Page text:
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Air Springs discusses rolling-sleeve Airstroke actuators employed in press-brake roles.

Proper tension control of webs used in production and materials-handling processes results in a higher quality product and greater production throughput through being able to run the process at higher speeds without sacrificing product quality.

The issue of correct tension braking, or tension control, is important to a host of production processes, including printing, coating, laminating, packaging, slitting, winding and textile, and paper manufacturing.

When printing, for example, improper tension control can result in smearing of ink and fuzzy images because of poor registration.

In other processes, some materials lose their elasticity if they are stretched as a result of poor tension control, while others suffer wrinkling and product rejects.

Tension-braking systems typically include sensors, controllers and hydraulic or pneumatic actuators that provide the fine, supple and often subtle force required to flexibly control roller sets frequently operating at high speed.

Ideal actuators for such roles must achieve reliable performance over millions of cycles in wet or grimy environments that can damage the internal seals of conventional cylinders and actuators.

One of the simplest actuation methods for this process and broader industrial actuation processes is to use an actuator that eliminates the need for internal seals, such as the air spring type, manufactured by Firestone and distributed in Australia by Air Springs Supply Pty .

These air springs, called Airstroke actuators, have been used in Australia for a variety of industrial actuation applications for more than 30 years, powered by normal factory compressed air.

Internationally they are employed in production processes such as web-guidance systems, where they control tracking on the belts of materials handling systems in industries such as food and beverage, packaging, plastics, textiles, and pulp and paper.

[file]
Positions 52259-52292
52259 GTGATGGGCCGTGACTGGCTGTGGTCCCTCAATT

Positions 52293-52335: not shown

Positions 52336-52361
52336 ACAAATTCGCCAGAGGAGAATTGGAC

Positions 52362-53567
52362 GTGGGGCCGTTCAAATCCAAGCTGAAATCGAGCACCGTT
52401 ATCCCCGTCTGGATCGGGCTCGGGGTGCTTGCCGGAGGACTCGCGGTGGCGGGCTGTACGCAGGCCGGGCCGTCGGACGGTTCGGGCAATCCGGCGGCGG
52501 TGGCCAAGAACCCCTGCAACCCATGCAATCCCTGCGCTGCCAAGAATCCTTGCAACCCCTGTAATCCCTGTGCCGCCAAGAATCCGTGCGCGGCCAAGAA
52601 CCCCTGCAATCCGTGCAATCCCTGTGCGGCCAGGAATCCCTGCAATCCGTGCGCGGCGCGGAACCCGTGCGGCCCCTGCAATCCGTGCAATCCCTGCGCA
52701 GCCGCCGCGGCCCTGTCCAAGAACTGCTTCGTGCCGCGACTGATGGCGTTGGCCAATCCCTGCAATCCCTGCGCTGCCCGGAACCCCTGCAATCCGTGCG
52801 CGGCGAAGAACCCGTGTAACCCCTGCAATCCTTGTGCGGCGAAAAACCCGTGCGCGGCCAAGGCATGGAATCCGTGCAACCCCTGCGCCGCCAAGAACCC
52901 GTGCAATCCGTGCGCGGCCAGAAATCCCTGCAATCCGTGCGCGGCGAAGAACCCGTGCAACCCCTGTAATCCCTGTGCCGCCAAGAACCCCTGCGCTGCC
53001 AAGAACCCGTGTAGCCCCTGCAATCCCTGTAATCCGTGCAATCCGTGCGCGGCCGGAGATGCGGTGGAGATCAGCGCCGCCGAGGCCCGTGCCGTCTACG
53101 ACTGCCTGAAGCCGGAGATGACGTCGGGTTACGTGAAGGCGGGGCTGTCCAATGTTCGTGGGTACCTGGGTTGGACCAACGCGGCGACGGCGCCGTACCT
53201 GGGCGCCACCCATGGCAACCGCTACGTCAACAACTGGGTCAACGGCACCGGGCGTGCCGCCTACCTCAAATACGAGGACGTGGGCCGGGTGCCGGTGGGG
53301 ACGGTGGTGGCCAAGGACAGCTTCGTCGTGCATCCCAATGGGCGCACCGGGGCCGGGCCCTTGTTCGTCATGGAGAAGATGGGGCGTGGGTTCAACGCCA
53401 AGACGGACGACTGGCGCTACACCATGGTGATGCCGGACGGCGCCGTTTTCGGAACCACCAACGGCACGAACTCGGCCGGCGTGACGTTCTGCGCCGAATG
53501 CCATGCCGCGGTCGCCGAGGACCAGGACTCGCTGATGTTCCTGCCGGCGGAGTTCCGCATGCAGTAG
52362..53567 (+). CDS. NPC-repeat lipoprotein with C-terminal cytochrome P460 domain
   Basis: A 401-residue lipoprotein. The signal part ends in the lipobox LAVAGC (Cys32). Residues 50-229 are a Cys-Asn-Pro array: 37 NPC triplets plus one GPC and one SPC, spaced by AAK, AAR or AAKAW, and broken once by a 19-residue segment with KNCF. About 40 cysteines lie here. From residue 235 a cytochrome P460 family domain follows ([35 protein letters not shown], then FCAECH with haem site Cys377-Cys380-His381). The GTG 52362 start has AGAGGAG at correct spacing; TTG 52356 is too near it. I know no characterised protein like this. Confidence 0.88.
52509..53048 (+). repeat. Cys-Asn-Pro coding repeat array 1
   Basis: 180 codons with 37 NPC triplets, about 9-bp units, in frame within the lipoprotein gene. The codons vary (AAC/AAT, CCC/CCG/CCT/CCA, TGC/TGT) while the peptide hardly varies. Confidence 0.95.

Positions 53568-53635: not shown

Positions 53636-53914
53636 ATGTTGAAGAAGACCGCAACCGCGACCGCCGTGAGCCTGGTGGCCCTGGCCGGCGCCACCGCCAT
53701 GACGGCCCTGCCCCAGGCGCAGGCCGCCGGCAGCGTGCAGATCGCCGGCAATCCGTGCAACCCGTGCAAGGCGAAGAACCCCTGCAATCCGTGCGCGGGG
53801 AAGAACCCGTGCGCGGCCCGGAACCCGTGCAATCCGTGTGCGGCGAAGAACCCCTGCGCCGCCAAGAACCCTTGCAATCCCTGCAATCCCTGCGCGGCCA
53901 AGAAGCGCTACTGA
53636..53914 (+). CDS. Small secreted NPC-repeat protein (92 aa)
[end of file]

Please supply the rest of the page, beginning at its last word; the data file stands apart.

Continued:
Unlike typical cylindrical metal pneumatic actuators, which require internal seals, an air spring contains its column of air in a fabric-reinforced rubber envelope, or bellows, which doesn’t require seals.

These bellows are inflated by compressed air to provide the flexible extension/contraction cycles needed to continuously and flexibly actuate industrial components such as tension brakes.

They are engineered into particular shapes to perform particular roles, with two of the most typical types being rolling-sleeve types or single-, double- or triple-convoluted types.

Rolling sleeve air springs provide good stroke extensions and shock-absorption capability.

They are identical in strength and construction to those used in heavy truck suspensions.

Convoluted types provide compact stable power, high repetition capabilities and the ability to be mounted simply without the need for elaborate mountings.

Both types offer side-load flexibility and simplified, compact attachment.

Because an air spring has a flexible, compliant bellows wall, instead of seals or guides, the bellows follows the path of least resistance.

This means users don’t have to worry about side loads caused by misalignment.

Because of its flexibility, the Airstroke can operate without a clevis, further simplifying operation and maintenance.

Airstroke actuators offer from 40-40,000kg of pushing or lifting power, with strokes up to 350mm, with deflated (or starting) heights down to just a few centimetres.

Air Springs

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